Sister Wendy Beckett, the nun and art critic who found fame in the 1990s with her popular TV documentaries on art history, has died aged 88.
Sister Wendy, born in South Africa in 1930, died on 26 December at the Carmelite Monastery at Quidenham in Norfolk.
Sr Wendy joined a teaching order, the Sisters of Notre Dame de Namur, in 1947 at the age 16. Recognising her intelligence, the order sent Sr Wendy to Oxford University in 1950, where she was awarded a Congratulatory First Class degree in English literature.
She returned to South Africa in 1954 to teach but, after 15 years, she was forced to give up the classroom after having epileptic seizures. in 1970, the Vatican gave permission for her to pursue a life of solitude and prayer.
Her order agreed to her living under the protection of the Carmelites in Norfolk as a hermit, devoting herself to prayer.
In her caravan in the grounds of the Carmel, Sr Wendy began to study art history, and in 1988 she published her first book, “Contemporary Women Artists”, to raise money for the convent.
She also began writing a weekly art column for the Catholic Herald.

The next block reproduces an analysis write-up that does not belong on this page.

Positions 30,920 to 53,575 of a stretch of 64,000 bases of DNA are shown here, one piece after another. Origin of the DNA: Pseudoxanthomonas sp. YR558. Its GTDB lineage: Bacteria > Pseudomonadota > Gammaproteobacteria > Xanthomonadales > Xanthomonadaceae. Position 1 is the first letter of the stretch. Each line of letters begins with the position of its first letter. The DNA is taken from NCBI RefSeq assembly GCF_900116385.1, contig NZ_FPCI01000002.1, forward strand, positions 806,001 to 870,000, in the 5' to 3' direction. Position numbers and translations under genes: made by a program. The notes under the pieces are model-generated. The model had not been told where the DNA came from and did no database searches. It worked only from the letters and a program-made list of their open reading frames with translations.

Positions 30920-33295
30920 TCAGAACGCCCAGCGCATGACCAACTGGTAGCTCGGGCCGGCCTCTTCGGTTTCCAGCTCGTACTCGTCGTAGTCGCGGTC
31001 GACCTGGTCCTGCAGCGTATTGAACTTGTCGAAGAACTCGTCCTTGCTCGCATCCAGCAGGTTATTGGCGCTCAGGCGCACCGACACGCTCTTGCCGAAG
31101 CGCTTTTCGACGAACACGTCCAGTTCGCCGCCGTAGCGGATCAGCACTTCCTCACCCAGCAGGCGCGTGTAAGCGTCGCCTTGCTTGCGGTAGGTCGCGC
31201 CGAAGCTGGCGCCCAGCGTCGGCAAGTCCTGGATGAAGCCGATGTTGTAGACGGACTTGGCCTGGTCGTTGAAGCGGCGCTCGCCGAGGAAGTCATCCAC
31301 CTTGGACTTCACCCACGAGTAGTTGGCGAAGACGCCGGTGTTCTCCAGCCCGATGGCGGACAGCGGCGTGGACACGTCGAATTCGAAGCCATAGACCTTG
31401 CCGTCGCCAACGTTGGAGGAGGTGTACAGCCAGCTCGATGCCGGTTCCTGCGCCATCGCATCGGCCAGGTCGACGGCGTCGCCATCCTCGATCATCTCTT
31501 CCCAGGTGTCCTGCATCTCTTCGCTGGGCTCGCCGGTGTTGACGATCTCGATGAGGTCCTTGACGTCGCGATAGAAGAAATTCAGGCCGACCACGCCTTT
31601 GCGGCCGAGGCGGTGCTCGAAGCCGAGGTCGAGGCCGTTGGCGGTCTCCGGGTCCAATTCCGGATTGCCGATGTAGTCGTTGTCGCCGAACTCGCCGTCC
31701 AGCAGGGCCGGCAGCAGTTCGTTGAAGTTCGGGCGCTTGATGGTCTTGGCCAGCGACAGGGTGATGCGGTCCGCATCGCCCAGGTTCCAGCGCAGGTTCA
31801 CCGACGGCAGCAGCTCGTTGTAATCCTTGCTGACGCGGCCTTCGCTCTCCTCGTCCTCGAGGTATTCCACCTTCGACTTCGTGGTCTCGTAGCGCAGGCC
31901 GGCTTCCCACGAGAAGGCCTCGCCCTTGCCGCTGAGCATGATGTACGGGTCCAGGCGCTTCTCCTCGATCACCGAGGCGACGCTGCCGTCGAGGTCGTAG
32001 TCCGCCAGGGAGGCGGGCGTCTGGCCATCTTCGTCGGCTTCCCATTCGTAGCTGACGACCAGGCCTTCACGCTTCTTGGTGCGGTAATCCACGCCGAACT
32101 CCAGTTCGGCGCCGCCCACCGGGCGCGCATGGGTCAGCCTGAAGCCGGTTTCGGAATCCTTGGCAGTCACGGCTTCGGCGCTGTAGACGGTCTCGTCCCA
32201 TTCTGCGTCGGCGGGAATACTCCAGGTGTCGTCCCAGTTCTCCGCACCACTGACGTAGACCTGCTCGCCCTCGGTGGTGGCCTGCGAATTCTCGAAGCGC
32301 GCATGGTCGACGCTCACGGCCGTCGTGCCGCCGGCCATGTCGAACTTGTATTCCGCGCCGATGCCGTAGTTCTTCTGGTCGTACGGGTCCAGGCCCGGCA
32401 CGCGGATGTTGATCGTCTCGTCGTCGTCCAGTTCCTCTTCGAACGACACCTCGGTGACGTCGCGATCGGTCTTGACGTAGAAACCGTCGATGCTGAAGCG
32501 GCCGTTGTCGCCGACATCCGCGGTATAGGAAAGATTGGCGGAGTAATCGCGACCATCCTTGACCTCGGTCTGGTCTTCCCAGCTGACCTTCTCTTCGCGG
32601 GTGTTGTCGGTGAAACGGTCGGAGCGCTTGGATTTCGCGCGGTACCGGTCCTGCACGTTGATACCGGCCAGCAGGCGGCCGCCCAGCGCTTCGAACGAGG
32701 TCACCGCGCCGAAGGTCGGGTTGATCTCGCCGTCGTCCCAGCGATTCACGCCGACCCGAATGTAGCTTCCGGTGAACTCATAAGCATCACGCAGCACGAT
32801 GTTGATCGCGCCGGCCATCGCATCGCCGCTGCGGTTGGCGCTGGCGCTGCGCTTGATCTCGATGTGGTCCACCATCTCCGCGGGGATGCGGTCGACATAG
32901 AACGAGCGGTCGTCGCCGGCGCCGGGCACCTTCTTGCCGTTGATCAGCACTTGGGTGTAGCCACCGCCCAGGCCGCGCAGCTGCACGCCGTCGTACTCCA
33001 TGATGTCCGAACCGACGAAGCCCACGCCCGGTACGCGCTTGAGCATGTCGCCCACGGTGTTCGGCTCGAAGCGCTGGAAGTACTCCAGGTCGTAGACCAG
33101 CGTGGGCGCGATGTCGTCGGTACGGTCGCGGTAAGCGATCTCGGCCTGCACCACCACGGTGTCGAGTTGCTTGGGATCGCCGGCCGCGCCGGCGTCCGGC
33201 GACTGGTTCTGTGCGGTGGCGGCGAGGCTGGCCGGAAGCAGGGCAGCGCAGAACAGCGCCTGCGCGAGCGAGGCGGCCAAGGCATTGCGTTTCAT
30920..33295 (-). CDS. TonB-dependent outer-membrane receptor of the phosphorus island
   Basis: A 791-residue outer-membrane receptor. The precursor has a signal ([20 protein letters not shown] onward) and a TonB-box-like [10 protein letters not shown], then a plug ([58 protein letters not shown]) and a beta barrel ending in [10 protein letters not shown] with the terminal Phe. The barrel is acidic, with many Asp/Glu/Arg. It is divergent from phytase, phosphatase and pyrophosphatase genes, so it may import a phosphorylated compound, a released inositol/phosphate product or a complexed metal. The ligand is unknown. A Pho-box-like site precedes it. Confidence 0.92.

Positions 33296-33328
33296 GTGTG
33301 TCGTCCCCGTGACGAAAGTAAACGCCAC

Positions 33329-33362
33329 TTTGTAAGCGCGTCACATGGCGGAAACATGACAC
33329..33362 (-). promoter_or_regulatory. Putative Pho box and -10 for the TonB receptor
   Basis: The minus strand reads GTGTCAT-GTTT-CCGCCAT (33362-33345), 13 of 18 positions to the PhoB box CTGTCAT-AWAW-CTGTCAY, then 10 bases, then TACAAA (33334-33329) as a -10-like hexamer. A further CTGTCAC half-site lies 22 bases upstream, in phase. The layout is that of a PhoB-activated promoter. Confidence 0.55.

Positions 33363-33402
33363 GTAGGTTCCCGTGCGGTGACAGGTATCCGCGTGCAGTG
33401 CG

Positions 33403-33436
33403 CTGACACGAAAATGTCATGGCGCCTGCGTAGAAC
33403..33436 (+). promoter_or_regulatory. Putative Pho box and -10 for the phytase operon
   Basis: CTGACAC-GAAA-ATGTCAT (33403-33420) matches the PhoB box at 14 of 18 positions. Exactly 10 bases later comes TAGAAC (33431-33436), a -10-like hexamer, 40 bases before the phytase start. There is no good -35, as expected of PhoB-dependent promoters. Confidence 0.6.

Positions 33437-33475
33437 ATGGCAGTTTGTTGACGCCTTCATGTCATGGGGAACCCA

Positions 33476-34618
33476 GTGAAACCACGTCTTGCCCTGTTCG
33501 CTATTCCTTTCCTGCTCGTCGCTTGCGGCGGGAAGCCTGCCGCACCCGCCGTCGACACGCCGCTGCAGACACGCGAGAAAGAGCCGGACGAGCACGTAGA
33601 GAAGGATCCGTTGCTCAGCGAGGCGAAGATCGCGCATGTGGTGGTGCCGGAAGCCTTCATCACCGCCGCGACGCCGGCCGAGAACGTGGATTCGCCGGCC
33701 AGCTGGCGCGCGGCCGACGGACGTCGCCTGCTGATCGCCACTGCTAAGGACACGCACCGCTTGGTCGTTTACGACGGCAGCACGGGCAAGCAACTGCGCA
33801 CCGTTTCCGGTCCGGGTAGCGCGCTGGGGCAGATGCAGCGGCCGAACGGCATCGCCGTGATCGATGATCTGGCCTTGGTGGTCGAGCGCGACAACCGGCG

In 1991, the BBC commissioned her to present a television documentary on the National Gallery in London.
Sr Wendy, who presented the programme unscripted dressed in a traditional black and white habit that she had designed herself, proved hugely popular.
Further programmes followed including “Odyssey”, “Sister Wendy’s Grand Tour” and “Sister Wendy’s Story of Painting”.
Her popularity was so great that she even had a musical written about her. “Postcards from God: The Sister Wendy Musical”, created by the originators of “Jerry Springer: The Opera”, ran briefly in the West End.
Sr Wendy presented her final series in 2001, after which she declined offers of TV work.